When he was first introduced in the Mirage comics, Baxter Stockman (a character named after a fancy, high-end paper that was being used in comics back then) defied conventions: he was a black man, yes, but he was also a skinny scientist; this was back in the '80s, when black characters were always either athletic or overweight. The
cartoon made him white, hopefully because it would have been considered gauche to make the series' most prominent black character a villain, and not because they thought a black scientist was unrealistic. Later continuities have given him his proper race back, but until now none have given him what was his most memorable trait: the body of a giant fly.
After promising and failing Shredder time and again to deliver and mutant army to take down the Turtles, Shredder decides he's had enough and mutated Stockman into a pest, Stockman-Fly. Realizing the Turtles have developed retro-mutagen that can mutate him back into a human, he hunts them down. The Turtles better have more than a fly-swatter to take down this mutant pest. Not only does Stockman-Fly possess super mutant strength and the ability to fly, he can also fire highly toxic acid vomit that will make the Turtles want to hibernate back into their shells.
The "fly" thing comes from the original cartoon. Why the writers decided they wanted to rip off the most famous Jeff Goldblum movie
of 1986 is a mystery for the ages, but the Nickelodeon cartoon has brought it back, and we're glad to see it! His head is more insectoid than the 1989 figure, which was basically just a blue human face with large compound eyes - it seems to be inspired by the 1959 Return of the Fly design, with eyes on the sides of the head, prominent eyelashes, curving antennae, and even his labial palps. Palps! I'm not sure why they made his aristae curve upward, when all the art from the show has them curving down and back.
When he got mutated, Baxter was wearing what he usually wears: loafers, blue jeans, and a pink sweater; he couldn't very well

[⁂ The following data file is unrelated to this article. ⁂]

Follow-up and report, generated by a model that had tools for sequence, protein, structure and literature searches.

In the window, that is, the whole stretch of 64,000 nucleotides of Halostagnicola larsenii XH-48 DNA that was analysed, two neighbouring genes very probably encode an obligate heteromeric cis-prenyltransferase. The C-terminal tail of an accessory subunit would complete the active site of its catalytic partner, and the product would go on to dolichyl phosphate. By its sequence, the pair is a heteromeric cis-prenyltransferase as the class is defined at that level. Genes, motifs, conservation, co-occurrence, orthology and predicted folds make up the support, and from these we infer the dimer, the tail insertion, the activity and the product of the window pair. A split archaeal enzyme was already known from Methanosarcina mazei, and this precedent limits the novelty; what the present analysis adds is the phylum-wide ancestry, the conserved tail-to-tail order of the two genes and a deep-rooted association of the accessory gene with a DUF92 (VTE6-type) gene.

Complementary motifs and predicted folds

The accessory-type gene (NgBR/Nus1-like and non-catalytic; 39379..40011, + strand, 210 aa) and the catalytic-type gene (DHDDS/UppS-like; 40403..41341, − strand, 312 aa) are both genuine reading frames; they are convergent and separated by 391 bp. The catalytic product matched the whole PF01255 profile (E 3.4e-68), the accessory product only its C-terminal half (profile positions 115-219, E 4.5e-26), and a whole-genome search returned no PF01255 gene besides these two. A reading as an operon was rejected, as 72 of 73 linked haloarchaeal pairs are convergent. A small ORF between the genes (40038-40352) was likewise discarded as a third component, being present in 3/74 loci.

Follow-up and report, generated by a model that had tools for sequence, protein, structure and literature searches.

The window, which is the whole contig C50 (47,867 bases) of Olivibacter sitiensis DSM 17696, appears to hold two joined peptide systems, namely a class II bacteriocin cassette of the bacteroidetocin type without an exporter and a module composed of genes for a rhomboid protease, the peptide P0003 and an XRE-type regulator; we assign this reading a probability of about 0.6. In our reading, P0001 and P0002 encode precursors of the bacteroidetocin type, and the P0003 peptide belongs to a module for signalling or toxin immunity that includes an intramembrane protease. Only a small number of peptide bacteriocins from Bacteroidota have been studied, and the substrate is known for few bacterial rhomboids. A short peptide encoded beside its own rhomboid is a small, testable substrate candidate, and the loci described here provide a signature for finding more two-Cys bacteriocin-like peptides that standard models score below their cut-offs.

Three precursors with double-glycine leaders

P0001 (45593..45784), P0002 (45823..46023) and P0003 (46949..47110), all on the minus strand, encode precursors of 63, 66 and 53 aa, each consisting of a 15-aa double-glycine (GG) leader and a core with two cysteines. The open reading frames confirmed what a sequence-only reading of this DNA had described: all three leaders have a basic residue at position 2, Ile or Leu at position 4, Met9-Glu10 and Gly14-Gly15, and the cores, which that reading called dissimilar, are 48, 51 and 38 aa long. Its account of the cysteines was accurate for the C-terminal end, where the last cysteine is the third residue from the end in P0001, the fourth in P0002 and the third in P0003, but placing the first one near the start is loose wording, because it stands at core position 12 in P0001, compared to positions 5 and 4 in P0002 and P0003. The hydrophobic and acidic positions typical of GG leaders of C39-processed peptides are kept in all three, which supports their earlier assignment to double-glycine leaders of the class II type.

change after, so that's still what he's wearing today. Sick, gnarled meat rips free of his sweater, and his right arm is a clawed nightmare. Those descriptions come straight from his official model sheet, but they're true. There's still a little tuft of afro piled on top of his head, and if you look in his mouth, a few human teeth remain in there. Gross!
The toy's articulation is usual for this line: mediocre. He has swivel/hinge shoulders and hips, a swivel waist, and a balljointed
head. He's also got the benefit of swivel/hinges where his translucent green wings poke out of his back. Because of the direction the hinge goes, though, it's hard to find a good pose for them; plus, his hips are loose and floppy, and that extra weight on his back really doesn't do his center of gravity any favors.
But the biggest problem is, as always, the paint. Playmates cuts so many corners, I'm surprised they're not selling the world's most perfect sphere. We don't expect something that looks as perfect and beautiful as the prototype, with its washes and dry-brushing, but at least finish painting all the parts that are physically there. His socks should be black, his collar should be white, and all the little spikes sticking out in between should have brown paint apps of their own. They didn't even paint his mustache! All the Turtles figures need a customizer's touch to bring out their best, but that is felt especially keenly here.
Baxter is not left out when it comes to accessories,
however: no, he doesn't come with a blaster or a stream of acidic spit, or even that silly techno fly-swatter the '80s toy had; rather, he comes with something to sate his muscine sweet tooth. It's a Choco-Log candy bar, partially unwrapped and devoured. It's molded in the same brown as his skin, though, so it gets lost when he holds it in his hand - another reason to lament the loss of the prototype paint. And in a great bit of planning, it's slightly too wide to fit in his human hand, but also slightly too small to fit in his fly hand.
Like steering into a skid, pop culture tends to over-correct its mistakes. You start only depicting minorities as stereotypes, but then you swing the pendulum over to only showing "positive" depictions, because anything negative would be seen as racist. Eventually it occurs to you that hey, maybe these people are just people, so instead of treating them differently, why not just write them normally and not give it a second thought? Baxter Stockman being a black guy doesn't mean old-school racism is back, it just means he's being treated like everyone else. But honestly, we wouldn't have minded a little positive discrimination if it meant Playmates had made this toy better than their average.